Michiko Kakutani, Legendary New York Times Book Critic, Takes Buyout
The 'most feared woman in publishing' is stepping down at the New York Times.
Michiko Kakutani, the Pulitzer Prize winner described by Vanity Fair as “the most powerful book critic in the English-speaking world” has opted to take a voluntary buyout as the New York Times makes tactical cuts to free up the budget and hire 100 additional reporters.
Kakutani, who joined the paper in 1979, helped make and shape the careers of literary names like George Saunders, Mary Karr, David Foster Wallace, and Jonathan Franzen, to Ian McEwan, Martin Amis, Zadie Smith. Vanity Fair reports that the departure of this “fearsome and unpredictable gatekeeper” will “instantly” alter the publishing world.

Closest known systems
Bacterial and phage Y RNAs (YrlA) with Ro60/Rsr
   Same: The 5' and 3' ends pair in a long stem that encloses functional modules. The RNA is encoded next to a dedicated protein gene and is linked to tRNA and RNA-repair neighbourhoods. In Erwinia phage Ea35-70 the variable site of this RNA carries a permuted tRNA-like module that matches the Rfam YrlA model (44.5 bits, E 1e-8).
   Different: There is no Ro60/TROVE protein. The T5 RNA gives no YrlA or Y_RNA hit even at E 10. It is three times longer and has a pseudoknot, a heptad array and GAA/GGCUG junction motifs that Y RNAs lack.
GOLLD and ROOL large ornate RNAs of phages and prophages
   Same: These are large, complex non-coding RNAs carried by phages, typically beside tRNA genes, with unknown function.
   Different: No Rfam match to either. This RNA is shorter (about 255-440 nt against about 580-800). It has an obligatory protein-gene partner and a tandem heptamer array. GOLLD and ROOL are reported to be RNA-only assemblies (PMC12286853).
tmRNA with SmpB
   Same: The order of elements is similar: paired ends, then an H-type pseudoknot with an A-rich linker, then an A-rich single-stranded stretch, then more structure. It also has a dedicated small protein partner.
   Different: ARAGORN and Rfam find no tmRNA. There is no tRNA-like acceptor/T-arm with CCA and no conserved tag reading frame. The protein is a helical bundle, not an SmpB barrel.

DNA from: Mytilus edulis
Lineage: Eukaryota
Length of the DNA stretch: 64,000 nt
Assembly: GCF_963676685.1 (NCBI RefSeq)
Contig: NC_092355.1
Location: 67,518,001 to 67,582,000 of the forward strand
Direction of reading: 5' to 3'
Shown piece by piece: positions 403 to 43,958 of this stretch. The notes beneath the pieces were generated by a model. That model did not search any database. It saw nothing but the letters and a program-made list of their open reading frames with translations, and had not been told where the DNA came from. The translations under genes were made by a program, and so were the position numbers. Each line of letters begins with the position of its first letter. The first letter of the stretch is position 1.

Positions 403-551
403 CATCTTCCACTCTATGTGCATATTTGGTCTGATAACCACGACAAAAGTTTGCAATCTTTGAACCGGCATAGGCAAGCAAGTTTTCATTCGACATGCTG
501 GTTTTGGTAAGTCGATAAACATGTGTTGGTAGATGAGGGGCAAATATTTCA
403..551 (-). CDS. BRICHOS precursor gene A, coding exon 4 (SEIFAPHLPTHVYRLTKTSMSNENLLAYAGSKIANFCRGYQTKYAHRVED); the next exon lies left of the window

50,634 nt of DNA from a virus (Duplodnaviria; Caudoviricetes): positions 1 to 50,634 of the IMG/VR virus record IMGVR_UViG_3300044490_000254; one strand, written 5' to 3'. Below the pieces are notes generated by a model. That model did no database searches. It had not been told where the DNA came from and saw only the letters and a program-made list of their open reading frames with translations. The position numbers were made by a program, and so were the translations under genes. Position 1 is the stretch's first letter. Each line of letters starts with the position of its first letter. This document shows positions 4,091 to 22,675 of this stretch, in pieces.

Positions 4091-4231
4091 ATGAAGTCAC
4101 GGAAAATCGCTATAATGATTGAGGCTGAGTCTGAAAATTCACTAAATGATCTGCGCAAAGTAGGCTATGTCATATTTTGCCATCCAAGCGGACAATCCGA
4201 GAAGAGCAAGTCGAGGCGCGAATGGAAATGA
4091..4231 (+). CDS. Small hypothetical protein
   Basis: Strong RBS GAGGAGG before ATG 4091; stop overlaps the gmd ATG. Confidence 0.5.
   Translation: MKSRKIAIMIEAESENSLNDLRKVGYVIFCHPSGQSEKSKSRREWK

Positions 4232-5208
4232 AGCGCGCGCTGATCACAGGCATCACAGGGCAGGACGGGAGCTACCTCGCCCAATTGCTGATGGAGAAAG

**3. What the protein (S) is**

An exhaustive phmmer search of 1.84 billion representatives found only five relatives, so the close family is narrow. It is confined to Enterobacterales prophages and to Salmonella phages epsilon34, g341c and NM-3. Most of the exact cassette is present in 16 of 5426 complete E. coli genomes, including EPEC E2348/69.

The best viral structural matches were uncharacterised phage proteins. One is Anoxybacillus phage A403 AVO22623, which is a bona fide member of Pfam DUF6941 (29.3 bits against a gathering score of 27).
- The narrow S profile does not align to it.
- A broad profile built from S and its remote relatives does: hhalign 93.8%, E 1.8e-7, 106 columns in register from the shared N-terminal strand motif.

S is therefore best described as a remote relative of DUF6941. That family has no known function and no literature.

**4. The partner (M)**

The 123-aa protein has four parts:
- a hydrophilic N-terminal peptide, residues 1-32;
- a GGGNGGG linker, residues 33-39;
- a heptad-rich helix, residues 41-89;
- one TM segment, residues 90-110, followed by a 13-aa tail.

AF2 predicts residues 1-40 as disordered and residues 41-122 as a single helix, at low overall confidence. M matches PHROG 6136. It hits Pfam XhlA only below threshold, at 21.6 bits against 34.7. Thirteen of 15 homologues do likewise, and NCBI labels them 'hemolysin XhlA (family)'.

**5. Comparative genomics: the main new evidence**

The Times reported Thursday that revenues and profits are up, with digital subscriptions to the Paper of Record surpassing print for the first time in the newspaper’s history.
This article was featured in the InsideHook newsletter. Sign up now.
Suggested for you